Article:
The Art of Tolerance in a Time of Tension and Distrust

In July 2012, two men entered the Masterpiece Cakeshop in Lakewood, Colorado. They asked the owner of the bakery, Jack Phillips, to custom-design a wedding cake for the pair’s same-sex wedding.

Phillips offered to sell the couple anything else in his store, even a pre-made cake. But, citing his Christian faith, he declined to design a special cake for the couple’s wedding.

The two men filed a complaint with Colorado Civil Rights Commission, which found that Phillips had violated the Colorado Anti-Discrimination Act. It ordered Phillips to bake the couple a wedding cake.

The commission also ordered Phillips to go through a “re-education” program and file quarterly “compliance” reports with the state showing that his business was following the state’s prevailing marriage doctrine.

Phillips appealed the decision to Colorado’s Supreme Court, and when that court ordered him to bake the cake too, he appealed to the U.S. Supreme Court. It will hear oral arguments in the case later this year.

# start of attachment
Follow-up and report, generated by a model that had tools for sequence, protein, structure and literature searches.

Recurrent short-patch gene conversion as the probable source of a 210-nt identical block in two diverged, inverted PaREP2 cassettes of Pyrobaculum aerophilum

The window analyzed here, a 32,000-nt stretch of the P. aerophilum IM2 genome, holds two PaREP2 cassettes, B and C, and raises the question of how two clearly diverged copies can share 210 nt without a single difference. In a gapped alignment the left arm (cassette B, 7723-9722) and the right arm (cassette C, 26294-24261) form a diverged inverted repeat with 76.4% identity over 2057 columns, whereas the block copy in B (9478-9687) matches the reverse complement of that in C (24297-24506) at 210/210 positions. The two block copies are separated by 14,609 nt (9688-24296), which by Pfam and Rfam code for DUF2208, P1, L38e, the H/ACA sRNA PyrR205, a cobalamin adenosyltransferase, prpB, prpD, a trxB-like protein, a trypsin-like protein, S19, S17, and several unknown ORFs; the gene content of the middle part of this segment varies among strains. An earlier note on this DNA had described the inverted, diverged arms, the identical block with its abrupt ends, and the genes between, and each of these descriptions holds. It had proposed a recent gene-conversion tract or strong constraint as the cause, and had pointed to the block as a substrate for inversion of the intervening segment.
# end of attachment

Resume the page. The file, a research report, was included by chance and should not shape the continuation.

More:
Last week, I joined 85 congressional colleagues in signing an amicus brief supporting Phillips’ First Amendment right to freedom of expression. It is a sad commentary on the current state of religious freedom in this country that this case had to go this far.

The American colonies were settled by persecuted religious minorities. The Constitution makes clear that America is meant to be a nation that tolerates and protects differences of opinion.

We’re supposed to share the public square with people who hold vastly different beliefs about life, not to mention the life to come.

It is clear we are going through a period of heightened tension and distrust. But I believe that most Americans still have the maturity—not to mention the neighborly decency—to live side-by-side with people who are different from them.

The nation’s Supreme Court should reaffirm the basic principle that government is not a legitimate tool to squelch dissent. It cannot force us to speak when we want to remain silent, just as it cannot shut down our speech in the public square.

Rather than enforcing conformity, the high court should leave us to work out our differences among ourselves, with peace and charity.

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